‘#WeRemember: So should our journalists’

Journalists have a critical role in the fight against antisemitism by providing context, fact checking and sometimes, rebuttals

Remembering the Shoah (photo credit: REUTERS)
Remembering the Shoah
(photo credit: REUTERS)
In recent days we’ve seen many ceremonies and even more news articles surrounding Holocaust Remembrance Day, yet one topic has been conspicuously absent: the absolutely central role of the media, both then and now.
In the 1920s, the Nazi Party took cynical advantage of the Weimar Republic’s free speech laws via such publications as the Völkischer Beobachter (People’s Observer), the official daily newspaper of the Nazi Party which wrote frequently about the “evils” of “world Jewry.” Der Angriff (The Attack), was a paper founded by Hitler’s chief propagandist Joseph Goebbels, which included famous antisemitic cartoons by Hans Schweitzer. These publications accused Jews of the classic “blood libels,” such as the myth that Jews make the traditional Passover matzos out of the blood of murdered Christian babies.
After Hitler’s rise to power in 1933, all of the mainstream press in Germany came under complete Nazi editorial control, making antisemitism both institutionalized and effectively impossible to publicly refute.
Less than 10 years later, the Holocaust began.
This year we mark the World Jewish Congress’s #WeRemember campaign (in memory of the Holocaust) at an especially dire moment for antisemitism in the United States. Last year Jews were the most highly targeted religious group in America, being victims in 60% of religious hate crimes despite being only about 2% of the population. At its peak, Jews in New York were attacked almost daily, including a gruesome attack in which the perpetrator entered a rabbi’s home during a Hanukkah dinner and hacked at guests with a machete.
Attackers have included white supremacists and “Black Israelites,” followers of David Duke and of Louis Farrakhan respectively. Antisemitism isn’t a “Right problem” or a “Left problem,” but an American problem.
And yet, 41% of millennials don’t believe that six million Jews died in the Holocaust, and 23% are not sure the Holocaust happened at all.
How could this happen?
The political landscape in America has become increasingly polarized, with extreme voices preaching hate on both the Right and the Left, under the protection of the First Amendment. The difference between a flourishing democracy filled with free speech versus a weak Weimar Republic on its way to collapse under the forces of hate and misinformation, depends on the critical role of journalists: making sure that free speech is also accompanied by full context, fact-checking and when necessary, even rebuttal.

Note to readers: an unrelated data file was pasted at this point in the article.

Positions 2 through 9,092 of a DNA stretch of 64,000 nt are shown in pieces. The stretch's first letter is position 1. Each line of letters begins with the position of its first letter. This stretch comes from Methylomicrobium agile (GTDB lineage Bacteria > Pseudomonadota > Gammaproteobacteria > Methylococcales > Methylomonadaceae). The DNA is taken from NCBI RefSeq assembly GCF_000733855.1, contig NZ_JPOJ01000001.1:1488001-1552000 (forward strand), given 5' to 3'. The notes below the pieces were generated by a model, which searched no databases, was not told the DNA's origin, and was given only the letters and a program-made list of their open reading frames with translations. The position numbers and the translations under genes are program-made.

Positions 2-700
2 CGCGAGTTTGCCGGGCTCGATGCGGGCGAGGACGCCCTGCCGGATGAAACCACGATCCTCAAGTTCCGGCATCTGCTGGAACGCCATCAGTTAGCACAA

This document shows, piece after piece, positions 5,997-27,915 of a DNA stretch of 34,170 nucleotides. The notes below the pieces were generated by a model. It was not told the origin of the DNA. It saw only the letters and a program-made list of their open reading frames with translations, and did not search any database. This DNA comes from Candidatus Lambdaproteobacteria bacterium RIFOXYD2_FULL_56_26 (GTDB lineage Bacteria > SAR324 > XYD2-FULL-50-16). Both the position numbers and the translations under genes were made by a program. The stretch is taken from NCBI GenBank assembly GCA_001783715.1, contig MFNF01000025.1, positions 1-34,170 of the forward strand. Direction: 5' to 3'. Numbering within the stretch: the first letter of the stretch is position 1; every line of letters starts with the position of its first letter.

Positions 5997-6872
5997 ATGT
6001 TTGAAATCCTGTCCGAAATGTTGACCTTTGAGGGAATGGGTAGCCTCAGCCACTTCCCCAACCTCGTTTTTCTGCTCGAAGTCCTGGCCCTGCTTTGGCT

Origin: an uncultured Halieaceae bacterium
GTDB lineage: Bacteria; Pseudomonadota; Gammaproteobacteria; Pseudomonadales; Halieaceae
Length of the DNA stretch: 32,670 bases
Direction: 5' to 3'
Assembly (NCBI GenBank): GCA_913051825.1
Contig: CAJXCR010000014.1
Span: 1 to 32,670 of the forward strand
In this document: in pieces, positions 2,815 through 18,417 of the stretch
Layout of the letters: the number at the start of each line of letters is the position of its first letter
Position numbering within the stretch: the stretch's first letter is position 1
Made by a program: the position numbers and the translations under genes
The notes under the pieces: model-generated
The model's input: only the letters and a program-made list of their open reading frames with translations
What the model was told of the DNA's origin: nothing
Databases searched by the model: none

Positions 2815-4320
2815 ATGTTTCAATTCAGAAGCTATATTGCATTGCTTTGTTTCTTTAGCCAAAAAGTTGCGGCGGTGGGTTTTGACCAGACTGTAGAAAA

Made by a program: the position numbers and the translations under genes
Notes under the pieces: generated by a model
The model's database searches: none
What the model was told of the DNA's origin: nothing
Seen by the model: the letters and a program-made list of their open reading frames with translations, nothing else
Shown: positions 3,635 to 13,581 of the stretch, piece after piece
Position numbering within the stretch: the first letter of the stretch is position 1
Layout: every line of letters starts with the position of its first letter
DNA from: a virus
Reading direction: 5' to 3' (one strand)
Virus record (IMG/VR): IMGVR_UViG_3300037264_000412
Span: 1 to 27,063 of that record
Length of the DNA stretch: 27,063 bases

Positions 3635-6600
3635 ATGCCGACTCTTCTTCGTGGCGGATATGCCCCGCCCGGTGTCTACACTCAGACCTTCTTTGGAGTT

For example:
The leaders of the BDS (Boycott, Divestment and Sanctions) movement against Israel make clear that their purpose is not peaceful change but the destruction of the world’s only Jewish state, based on a double standard they do not apply to any other country. This squarely fits the international definition of antisemitism. Yet when reporting on BDS-related events, mainstream journalists rarely include this critical context, misleadingly casting the group as a peaceful protest movement.
When Congresswoman Ilhan Omar was denied entry to Israel in August 2019, most media painted her as a mainstream Democrat who happens to be critical of Israel, and omitted essential context: Just months earlier her own party had led the passage of House Resolution 241, “Condemning the antisemitic comments of Representative Ilhan Omar from Minnesota.”
Most media have been reasonably effective in providing context about the neo-Nazi and white supremacist backgrounds behind California synagogue shooter Robert Brewer and Pittsburgh synagogue shooter Robert Bowers, yet most failed to disclose that David N. Anderson, who shot and killed shoppers at a New Jersey kosher deli last month, was apparently inspired by recordings of the antisemitic preacher Louis Farrakhan.
Is it then any surprise that during this week’s ceremonies the BBC’s Orla Guerin equated Israel with Nazi Germany while reporting from Yad Vashem, Israel’s own Holocaust museum?
It is both the beauty and burden of the free world that hate preachers like Farrakhan, extremist organizations like the neo-Nazi and BDS movements, and fringe politicians like Ilhan Omar, have a right to express antisemitic views, as long as they don’t cross the line into the very specifically defined legal categories of incitement or defamation. However, the public should never mistake such hateful extremists for being “mainstream” or “reasonable,” and the free press has a professional duty to provide this context.
The late Supreme Court Justice Louis Brandeis beautifully expressed the American philosophy: “To expose through discussion the falsehood and fallacies, to avert the evil by the processes of education, the remedy to be applied is more speech, not enforced silence.”
In a healthy society, free speech cannot stand on its own, but demands even more free speech in the form of context, fact-checking and rebuttals. The result is that our safety as a society depends not only on politicians, judges and police, but also on the ethics and professionalism of our journalists.
Daniel Pomerantz, legal expert and CEO of HonestReporting.com


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